Khan, who has ambitions to become Pakistan's next prime minister, said in a Twitter post on Wednesday that the Trump administration was making Pakistan a scapegoat to cover Washington’s failure in neighboring Afghanistan.
"Pakistan has now suffered the ultimate insult (by) being made the scapegoat for US failures in Afghanistan," Khan said.
Trump said in his first tweet of 2018 that Washington had "foolishly given Pakistan more than $33 billion in aid over the last 15 years."
"They give safe haven to the terrorists we hunt in Afghanistan, with little help. No more!" wrote the US president on Monday.
Washington has long accused Islamabad of allowing the Haqqani network, which is an affiliate of the Taliban militant group, to operate relatively freely in Pakistan's porous border regions to carry out operations in Afghanistan.
Khan, however, mocked the Trump administration by challenging the American president to explain how "a couple of thousand or so (Taliban-allied) Haqqanis allegedly in Pakistan are supposed to be the cause of why the most well-equipped military force in history ... cannot succeed" in Afghanistan.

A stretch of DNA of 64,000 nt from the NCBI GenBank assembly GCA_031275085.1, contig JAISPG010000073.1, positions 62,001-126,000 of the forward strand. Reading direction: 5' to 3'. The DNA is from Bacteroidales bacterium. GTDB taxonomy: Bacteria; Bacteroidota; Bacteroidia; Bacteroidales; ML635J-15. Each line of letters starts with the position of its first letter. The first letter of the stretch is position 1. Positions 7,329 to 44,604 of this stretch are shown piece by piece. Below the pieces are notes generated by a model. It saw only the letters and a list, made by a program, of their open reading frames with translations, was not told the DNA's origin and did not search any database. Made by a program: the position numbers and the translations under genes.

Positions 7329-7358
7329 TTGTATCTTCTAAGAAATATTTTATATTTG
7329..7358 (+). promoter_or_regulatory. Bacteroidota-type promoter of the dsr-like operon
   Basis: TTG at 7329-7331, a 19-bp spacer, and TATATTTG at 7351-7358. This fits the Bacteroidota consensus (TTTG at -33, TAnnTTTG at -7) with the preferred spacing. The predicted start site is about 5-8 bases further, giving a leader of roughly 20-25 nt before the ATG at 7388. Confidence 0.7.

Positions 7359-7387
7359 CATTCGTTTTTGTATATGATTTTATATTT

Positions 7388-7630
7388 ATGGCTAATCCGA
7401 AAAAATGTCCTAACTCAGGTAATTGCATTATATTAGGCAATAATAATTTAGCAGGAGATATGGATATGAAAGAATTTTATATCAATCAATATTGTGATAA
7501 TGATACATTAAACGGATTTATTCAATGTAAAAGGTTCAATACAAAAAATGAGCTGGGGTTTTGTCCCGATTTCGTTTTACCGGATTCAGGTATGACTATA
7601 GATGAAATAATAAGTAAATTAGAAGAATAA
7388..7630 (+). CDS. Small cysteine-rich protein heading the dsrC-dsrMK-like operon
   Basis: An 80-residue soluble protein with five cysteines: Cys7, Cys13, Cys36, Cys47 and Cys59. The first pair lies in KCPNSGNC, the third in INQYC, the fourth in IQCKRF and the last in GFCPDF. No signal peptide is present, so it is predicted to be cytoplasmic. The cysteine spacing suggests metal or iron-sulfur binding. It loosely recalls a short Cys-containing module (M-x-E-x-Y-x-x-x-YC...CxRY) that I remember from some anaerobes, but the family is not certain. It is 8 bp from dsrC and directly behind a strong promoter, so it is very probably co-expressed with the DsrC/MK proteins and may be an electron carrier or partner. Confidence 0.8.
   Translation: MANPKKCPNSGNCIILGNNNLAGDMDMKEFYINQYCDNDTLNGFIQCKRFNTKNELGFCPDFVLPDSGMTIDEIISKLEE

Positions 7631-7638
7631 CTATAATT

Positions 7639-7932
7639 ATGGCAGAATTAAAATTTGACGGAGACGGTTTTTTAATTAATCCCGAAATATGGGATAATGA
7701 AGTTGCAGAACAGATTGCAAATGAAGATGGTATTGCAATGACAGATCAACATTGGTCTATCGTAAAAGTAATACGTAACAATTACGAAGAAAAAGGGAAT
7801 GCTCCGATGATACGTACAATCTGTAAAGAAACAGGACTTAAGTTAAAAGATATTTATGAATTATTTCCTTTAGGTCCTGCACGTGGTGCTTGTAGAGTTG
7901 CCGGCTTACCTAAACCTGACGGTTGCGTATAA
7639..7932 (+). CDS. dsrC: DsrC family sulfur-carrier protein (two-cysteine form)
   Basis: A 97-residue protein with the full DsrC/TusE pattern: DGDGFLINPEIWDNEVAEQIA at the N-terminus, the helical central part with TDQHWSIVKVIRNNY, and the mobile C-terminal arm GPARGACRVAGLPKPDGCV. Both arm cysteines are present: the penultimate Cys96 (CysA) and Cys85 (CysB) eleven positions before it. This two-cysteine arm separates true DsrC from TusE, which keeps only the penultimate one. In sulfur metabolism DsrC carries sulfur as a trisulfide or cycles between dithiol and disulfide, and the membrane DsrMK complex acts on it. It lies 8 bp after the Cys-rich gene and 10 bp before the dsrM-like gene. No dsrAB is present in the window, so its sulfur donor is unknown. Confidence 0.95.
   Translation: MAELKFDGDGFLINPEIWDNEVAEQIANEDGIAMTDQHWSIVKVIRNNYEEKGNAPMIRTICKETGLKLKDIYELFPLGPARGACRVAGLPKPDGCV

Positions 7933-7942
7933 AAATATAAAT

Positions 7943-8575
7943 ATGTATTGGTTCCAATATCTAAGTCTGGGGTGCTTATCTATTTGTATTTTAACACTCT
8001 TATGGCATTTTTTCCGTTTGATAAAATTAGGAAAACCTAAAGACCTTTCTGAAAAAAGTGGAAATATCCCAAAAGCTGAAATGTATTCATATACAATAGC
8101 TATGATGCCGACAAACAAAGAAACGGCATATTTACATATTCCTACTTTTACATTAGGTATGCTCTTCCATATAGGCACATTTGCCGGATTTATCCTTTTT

Pakistan's famous cricket star-turned-opposition leader, Khan also criticized Islamabad's participation in the so-called war on terror led by Washington.
"The lesson to be learned by us is never to be used by others for short term paltry financial benefits ever again," Khan said.
On Wednesday, former Pakistani Prime Minister Nawaz Sharif also said his country should end its dependence on aid from the US.
Sharif called Trump's tweet "non-serious" and "regrettable" and said the heads of state should keep international norms and diplomatic rules of engagement in mind when addressing other states.
At a top security meeting on Tuesday, Pakistan's civilian and military leadership angrily dismissed the threats by Trump to cut off aid as "completely incomprehensible." The "recent statements... by the American leadership were completely incomprehensible as they contradicted facts manifestly," read a statement issued by the prime minister's office after a meeting of the National Security Council. Trump's comments "struck with great insensitivity" and "negated the decades of sacrifices made by the Pakistani nation."
The US president's latest tweet comes following an increasingly tense back-and-forth between Washington and Islamabad. Relations between the two sides have taken a nosedive under the Trump administration. Washington has confirmed it will withhold $255 million in US military aid to Pakistan this year.
On Tuesday, the White House press secretary, Sarah Huckabee Sanders, told reporters to expect more details on specific actions against Pakistan over the next day or two.
Successive US governments have criticized Pakistan for links with the Taliban and for harboring slain al-Qaeda leader Osama bin Laden.